This institution started operations in 1989 with an intention to provide shelter to a couple of deaf and dumb girls. Over 21 years this institution has been sustained almost entirely by Smt. Puttaveeramma and her daughter Sharadamma. Today the institution stands strong with two separate buildings. One used exclusively for lodging and the other as the teaching facility. The teaching facility has over 10 dedicated teachers. The school has students coming over from all parts of the city and surrounding towns and villages. There are also many girls who stay back at the institution and it is for them that the residential facility provided. Another charitable institution lends the service of a van that will ferry the students from the house to the school and back every day.
Things were not always this rosy for the underprivileged girls, recalls the 91 year old Smt. Puttaveeramma. She informed that the initial years were the most testing. One job was not enough to feed her and the girls. She confided that working at a nearby silk factory wasn’t enough and had to resort to begging for a couple of hours to make the ends meet. When asked what gave her the strength to carry on, she said, “As such these girls are unable express their grief. I couldn’t stand seeing them go hungry too. So I did what I had to do to see things through”. These words of commitment by the nonagenarian made many a hearts of the volunteers heavy.
One understood that the recognition that the institution and it's driving force truly deserved eluded them for a while.
In 1997, Smt. Puttaveeramma was conferred with the prestigious ‘Rajiv Gandhi Manav Seva Award’ for her outstanding contribution and dedicated service for child welfare and development. This meritorious award is constituted by the MHRD, Government of India. She has also been the recipient of the ‘Karnataka Rajya Prashasti’ for the year 1998 – recognition to her service in the field of education. She was felicitated by the then Chief Minister of Karnataka, Mr. J. H. Patel.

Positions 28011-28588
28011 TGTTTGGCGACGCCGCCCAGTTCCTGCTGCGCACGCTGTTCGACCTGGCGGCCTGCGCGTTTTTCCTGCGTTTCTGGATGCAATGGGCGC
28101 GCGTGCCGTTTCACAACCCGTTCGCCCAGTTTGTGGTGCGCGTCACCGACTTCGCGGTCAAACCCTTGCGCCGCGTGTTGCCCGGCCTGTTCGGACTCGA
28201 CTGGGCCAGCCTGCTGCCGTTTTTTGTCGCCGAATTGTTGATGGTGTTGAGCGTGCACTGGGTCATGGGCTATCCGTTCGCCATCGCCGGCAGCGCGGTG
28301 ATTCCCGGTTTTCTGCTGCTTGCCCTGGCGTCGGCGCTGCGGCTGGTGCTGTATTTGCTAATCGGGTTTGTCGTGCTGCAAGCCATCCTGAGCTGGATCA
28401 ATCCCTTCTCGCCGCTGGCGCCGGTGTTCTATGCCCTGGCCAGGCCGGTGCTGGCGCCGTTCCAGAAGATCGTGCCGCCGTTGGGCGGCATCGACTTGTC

The volunteers reached the venue by 8.30AM. The silence of the first few minutes was tough to adjust. To socialize with one another without talking was quite an experience to the volunteers. It was learnt that the girls come over not only from Mysore but also from the surrounding areas like Srirangapatna, Nanjangud, Mandya etc. Many of them come over in the month of July, join the school and pursue one year of academics and go back to their homes in the month of March.
“When they come over for the first time, they feel a little uneasy to adjust to the environment, but things change in a matter of few days. They begin to like it here better than home as they are in the company of others like them. They get used to do things themselves and interacting with each other which actually instills confidence to lead their lives”, said a proud Sharadamma. She told the volunteers that her mother was her biggest role model and that she will try to be as selfless as her mother in helping the needy.
The volunteers also learnt that Smt. Puttaveeramma and her daughter Shardamma were not interested in publicity rather preferred concentrating on their work. The volunteers handed over the breakfast to be served later. They also distributed 'yummy' chocolates to all the girls. The AF-Mysore team wishes to thank one of its own members (name undisclosed on request) for sponsoring the breakfast for the day.
The volunteers of AF-Mysore did learn one invaluable lesson – The impairment of either speech or hearing does not impair the reception and reciprocation of goodwill, hope and joy. They bid farewell with distributing chocolates to the girls. They all left the place with warmth in their hearts and a smile on the lips. After all, as a certain Chinese proverb puts it, “A bit of fragrance always clings to the hand that gives the roses”.
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